It’s a great exercise for developing overhead strength, power, and shoulder stability. With your back straight and core tight, bend your knees a quarter of the way down to allow the kettle bell to lower while hinging at the hips.
To do it: Get into a push-up position and grip the kettle bell handles so your hands are about shoulder-width apart and on either side of your lower chest. The kettle bell windmill is a great core and hip flexibility exercise and it may also benefit the spine.
Maintain a neutral spine and bend your torso in the same direction as your feet while looking at the kettle bell. Push upward through your heels and mid foot while squeezing your glutes as you return to the starting position.
Repeat on the other side after you’ve completed the desired number of reps. It’s a rather simple movement that involves picking up the weight, keeping everything tight with shoulders back, and walking for distance without breaking form.
It’s a very functional movement that can improve stability, shoulder health, coordination, and overall full-body awareness, as you have to hold a kettle bell overhead while going from a lying to a standing position. Here’s a great video demonstration… A lot of exercises focus on anterior and posterior stability/strength.
However, if we’re to prevent energy leaks and maximize overall physical performance, then we need to do exercises that focus on lateral function. So since we’re talking about kettle bell exercises, what better time to offer this is as a great variation.
Bend your hips and knees until you can grab the kettle bell while keeping your back flat. Drive upward through your heels and mid foot then thrust your hips forward as the kettle bell reaches mid-thigh.
Make sure your torso and shoulders are level and resist the kettle bell pulling you to one side. If you’re using enough resistance while continually progressing in weight or reps then you’ll build muscle.
We recommend keeping the weight in the 10-20 rep range for muscle building. There are several very effective kettle bell exercises that will help to build muscle and strength.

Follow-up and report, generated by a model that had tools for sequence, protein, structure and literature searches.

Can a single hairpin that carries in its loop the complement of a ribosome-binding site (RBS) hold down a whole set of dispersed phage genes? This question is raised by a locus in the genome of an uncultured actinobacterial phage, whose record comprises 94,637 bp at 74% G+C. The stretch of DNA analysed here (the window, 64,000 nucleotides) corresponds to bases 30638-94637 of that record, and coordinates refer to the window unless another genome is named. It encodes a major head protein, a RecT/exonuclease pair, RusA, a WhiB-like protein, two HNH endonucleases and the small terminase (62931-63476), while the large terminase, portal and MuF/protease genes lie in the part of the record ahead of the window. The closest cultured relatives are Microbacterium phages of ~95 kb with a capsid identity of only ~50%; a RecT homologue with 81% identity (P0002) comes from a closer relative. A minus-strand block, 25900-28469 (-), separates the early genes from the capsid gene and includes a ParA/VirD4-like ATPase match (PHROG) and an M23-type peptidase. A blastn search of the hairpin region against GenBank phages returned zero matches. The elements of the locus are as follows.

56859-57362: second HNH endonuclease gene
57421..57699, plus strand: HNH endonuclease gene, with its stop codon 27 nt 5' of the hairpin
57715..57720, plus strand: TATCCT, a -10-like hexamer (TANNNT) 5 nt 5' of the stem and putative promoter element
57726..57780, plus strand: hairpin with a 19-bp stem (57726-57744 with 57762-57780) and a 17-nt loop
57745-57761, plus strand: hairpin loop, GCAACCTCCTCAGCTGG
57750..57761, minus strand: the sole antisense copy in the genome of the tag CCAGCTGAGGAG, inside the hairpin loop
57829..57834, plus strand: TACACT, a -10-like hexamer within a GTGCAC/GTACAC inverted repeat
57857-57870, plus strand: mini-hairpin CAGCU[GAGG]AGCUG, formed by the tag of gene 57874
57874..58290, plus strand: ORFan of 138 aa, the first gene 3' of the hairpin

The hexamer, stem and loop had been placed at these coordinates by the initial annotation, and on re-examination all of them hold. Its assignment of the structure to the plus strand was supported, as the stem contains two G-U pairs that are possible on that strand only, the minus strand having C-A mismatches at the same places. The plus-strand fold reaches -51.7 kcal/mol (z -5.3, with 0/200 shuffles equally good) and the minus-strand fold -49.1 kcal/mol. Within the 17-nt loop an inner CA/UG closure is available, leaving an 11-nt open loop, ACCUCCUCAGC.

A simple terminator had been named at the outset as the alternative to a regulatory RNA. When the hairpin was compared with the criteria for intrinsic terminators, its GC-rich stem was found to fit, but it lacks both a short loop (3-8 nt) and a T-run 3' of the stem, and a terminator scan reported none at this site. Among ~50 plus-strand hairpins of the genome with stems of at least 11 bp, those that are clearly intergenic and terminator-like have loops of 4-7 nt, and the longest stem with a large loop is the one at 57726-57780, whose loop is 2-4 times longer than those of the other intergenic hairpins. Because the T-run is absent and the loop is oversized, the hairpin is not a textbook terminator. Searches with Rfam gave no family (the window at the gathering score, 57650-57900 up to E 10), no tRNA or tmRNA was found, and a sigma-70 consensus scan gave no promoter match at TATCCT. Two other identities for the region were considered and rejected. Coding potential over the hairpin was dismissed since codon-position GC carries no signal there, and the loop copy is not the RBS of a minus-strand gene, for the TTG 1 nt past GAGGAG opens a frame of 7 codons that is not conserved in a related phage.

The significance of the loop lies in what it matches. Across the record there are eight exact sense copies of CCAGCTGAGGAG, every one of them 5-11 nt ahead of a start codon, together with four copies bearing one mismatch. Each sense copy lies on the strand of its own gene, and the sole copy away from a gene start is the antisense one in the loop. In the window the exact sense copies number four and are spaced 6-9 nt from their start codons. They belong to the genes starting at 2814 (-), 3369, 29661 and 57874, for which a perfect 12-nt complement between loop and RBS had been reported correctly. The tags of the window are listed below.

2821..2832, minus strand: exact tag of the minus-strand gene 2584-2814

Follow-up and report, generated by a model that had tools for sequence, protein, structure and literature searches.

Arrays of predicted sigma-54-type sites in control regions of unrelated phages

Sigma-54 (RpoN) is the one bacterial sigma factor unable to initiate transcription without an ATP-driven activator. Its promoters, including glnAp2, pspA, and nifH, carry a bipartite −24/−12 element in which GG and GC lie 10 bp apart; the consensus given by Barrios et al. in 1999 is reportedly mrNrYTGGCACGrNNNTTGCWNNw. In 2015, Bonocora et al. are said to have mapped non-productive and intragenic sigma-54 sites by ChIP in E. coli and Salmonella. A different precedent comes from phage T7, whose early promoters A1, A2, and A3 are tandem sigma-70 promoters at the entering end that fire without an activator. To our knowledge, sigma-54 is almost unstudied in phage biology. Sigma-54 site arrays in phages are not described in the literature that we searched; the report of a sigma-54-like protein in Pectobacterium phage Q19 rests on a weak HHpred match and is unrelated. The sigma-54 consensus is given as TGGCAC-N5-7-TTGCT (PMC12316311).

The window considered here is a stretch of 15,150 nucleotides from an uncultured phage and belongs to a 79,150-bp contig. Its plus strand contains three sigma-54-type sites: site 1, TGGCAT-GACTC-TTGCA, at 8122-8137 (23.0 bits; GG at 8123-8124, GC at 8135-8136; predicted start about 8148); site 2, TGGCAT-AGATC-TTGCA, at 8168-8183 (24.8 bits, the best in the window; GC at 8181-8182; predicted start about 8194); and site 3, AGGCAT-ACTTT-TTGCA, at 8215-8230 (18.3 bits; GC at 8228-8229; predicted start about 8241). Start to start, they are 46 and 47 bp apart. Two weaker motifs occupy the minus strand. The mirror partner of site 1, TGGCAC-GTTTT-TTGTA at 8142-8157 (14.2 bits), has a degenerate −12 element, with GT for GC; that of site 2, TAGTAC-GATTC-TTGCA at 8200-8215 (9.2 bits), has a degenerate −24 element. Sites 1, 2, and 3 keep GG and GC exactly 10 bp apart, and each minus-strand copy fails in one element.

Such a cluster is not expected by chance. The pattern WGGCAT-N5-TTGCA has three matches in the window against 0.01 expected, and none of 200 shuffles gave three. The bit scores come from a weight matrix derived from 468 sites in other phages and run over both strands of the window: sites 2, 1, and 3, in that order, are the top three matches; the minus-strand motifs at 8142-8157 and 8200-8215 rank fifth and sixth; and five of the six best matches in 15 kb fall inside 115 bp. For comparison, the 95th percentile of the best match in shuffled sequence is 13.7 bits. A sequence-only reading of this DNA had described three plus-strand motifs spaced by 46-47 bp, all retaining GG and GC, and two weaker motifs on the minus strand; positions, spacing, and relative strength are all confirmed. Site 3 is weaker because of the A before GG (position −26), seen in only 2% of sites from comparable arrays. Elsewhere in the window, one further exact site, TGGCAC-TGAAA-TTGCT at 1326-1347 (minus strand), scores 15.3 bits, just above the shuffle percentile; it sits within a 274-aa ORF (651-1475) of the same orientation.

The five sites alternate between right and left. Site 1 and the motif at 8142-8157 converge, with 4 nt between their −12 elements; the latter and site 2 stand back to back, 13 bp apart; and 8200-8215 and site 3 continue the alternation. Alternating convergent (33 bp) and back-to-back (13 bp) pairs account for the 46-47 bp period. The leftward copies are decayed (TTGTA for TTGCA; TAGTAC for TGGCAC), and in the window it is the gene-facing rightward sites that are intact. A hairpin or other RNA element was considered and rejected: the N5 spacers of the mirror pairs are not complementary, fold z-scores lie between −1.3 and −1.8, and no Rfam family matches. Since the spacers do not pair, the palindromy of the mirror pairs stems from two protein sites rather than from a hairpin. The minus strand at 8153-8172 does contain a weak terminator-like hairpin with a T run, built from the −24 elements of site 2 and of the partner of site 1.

Kettle bells are better suited for individuals who have a decent amount of training experience unless doing very basic movements. So if your goal is maximum muscle growth and strength, then you’ll need to focus more on dumbbell and barbell training.
Although, kettle bell training can produce muscle and strength gains with an effective routine. Some are easier while others are more challenging but just start slow, learn the techniques, and you’ll have an arsenal of kettle bell exercises that you can pull from at any time.
Kettle bells get a bad rap when it comes to building large amounts of muscle. People wrongly believe that because the heaviest kettle bell you can commonly find is 48 kg that they must be useless for gaining large chunks of meat.
Despite the heaviest bells typically being 48 kg, 96 kg of kettle bells doesn’t feel the same as 96 kg using a barbell. The kettle bell ’s offset shape means that instead of the load being lifted almost directly in line with the joints, as with a barbell, it needs to travel a much more difficult path to get overhead.
And because of the way kettle bells tend to pull your arms backward while pressing, the body has to overcome much more than just the physical weight of the bell. For those who have never tried pressing bigger bells overhead, it feels more like trying to arm wrestle than lifting weights because of these forces.
The bottom line is that unless you’re one of the rare people who can perform multiple reps with two Beasts (48 kg bells), you’ve still got more than enough weight to pick from for hypertrophy work. As an example, Donnie Thompson is reputed to use two 40 kg bells for assistance squat work for sets of ten reps.
Likewise, Andy Bolton and Brad Dillingham have spoken of using kettle bells for assistance work in their quests for maximum strength and muscle mass. animal fiber activation cannot be viewed as the exclusive driver of fibrillar protein synthesis rates.
Older lifters will remember what happened when Charles Poltroon went down this path with his German Volume Training template years ago. Yes, people gained muscle, but they often lost a huge amount of strength in the process.